He began by thanking Roberts on behalf of all the veterans and men and women in uniform for hosting the first ever Southwest Louisiana All Veterans’ Reunion. “The entire day has been outstanding and an unforgettable tribute to veterans,” said Chinn. He said that people would visit this park year after year with their children and grandchildren and remember the service and sacrifice of the brave veterans who have protected the freedoms enjoyed today.
As a tribute to the veterans in the crowd, Chinn requested that the Soldiers who fought in each conflict from WWII through today’s wars in Afghanistan and Iraq stand in turn and receive a round of applause.
“Veterans who served for the cause of liberty stepped forward when America called, fought for what was right in the hedgerows of Normandy, along the 38th parallel in Korea, in the jungles of Vietnam and today in Iraq and Afghanistan. They didn’t march to these foreign shores with notions of glory. Conquest was never their goal. They went ashore with the notion that people of all nations have a right to live in a world free of tyranny. They fought with the conviction that some principles in life are worth dying for. Despite what has changed in this country 235 years later, those convictions have remained the same,” said Chinn.
With anticipation on the rise of the unveiling of the park’s monument, Chinn explained that people must always remember what’s most important to Americans " security and freedom. “You can rest assured our military is preserving that security. All of us stake a claim of continued freedom in the future. Remember too that somewhere on any given day and time, an American Soldier is on patrol. So, it’s fitting that everyone is here today " Soldier, Sailor, Marine, Airmen and Coast Guard of the past, present and future " to dedicate this Veterans’ Park. You create a bridge of history with conviction of duty and love of country. Thank you, veterans, for your service, sacrifices, loyalty and the example you’ve set for those who will follow in your footsteps. This monument we dedicate today belongs to you,” said Chinn.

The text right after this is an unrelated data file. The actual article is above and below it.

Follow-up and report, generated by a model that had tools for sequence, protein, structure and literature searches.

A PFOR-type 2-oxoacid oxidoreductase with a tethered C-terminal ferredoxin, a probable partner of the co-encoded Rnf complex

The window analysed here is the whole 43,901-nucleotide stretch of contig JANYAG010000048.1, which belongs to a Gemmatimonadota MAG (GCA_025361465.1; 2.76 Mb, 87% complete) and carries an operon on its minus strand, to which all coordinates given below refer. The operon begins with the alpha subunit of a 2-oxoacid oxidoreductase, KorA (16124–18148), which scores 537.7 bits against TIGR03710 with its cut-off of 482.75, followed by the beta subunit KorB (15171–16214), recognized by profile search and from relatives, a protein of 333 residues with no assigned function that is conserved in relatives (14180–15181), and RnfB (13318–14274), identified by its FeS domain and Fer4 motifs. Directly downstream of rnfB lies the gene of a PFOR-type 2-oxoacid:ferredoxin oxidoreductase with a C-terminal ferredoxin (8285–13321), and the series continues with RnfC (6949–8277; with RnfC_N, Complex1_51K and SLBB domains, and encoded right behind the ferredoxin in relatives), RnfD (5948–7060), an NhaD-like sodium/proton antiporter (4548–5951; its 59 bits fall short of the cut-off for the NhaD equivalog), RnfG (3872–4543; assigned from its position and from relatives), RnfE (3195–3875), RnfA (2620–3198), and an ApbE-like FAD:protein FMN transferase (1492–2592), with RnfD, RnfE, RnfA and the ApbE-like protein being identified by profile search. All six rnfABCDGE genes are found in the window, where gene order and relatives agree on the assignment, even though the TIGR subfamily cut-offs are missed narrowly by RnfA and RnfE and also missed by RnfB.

As the audience circled the monument, dignitaries moved into position and pulled the rope that removed the black cloth covering the statue of an infantryman ready for battle.
Larry E. Bledsoe attended the dedication. He was part of the 82nd Airborne Division during the Vietnam War. “This event is one of the greatest things that has happened in my life. I’m a Vietnam veteran and we weren’t respected when we came home. The flag means everything to me, then and now. I thank God and America for this recognition,” said Bledsoe.
Retired Maj. George C. Thompson, a veteran of World War II, Korea and Vietnam, attended the dedication and was called upon to help unveil the statue at Veteran’s Park. He was visibly moved as he tried to explain how much this event meant to him. “This is a real a tear-jerker. It’s wonderful to realize that we’re still being recognized for our service, not just World War II veterans, but Soldiers from all the other wars as well. I would love to see this event grow,” said Thompson.
Another part of the All Veterans’ Reunion schedule of events included an oath of enlistment for future service men and women. One of the newly minted Soldiers is Dakota Strayhan. As he looked at the living history surrounding him in the form of veterans from conflicts since WWII, Dakota said that he was proud to become a Soldier. “It’s a family tradition to serve in the military, but the main reason I wanted to sign up is to know I’m doing something important,” said Strayhan. “You look at veterans today and you don’t see any regrets about their service. They are proud and happy about what they have done.”
The idea of going to war doesn’t scare Strayhan because he said he knows he’s doing his part to help people in this country and around the world be free.
At 16, Strayhan had to get permission to join the Army. He heads to Fort Leonard Wood, Mo. this summer for basic training.
The continuation of service Honore’ and Chinn spoke of seems to come full circle in this young man who has volunteered his service to sustain freedom.

Page last updated Fri June 3rd, 2011 at 00:00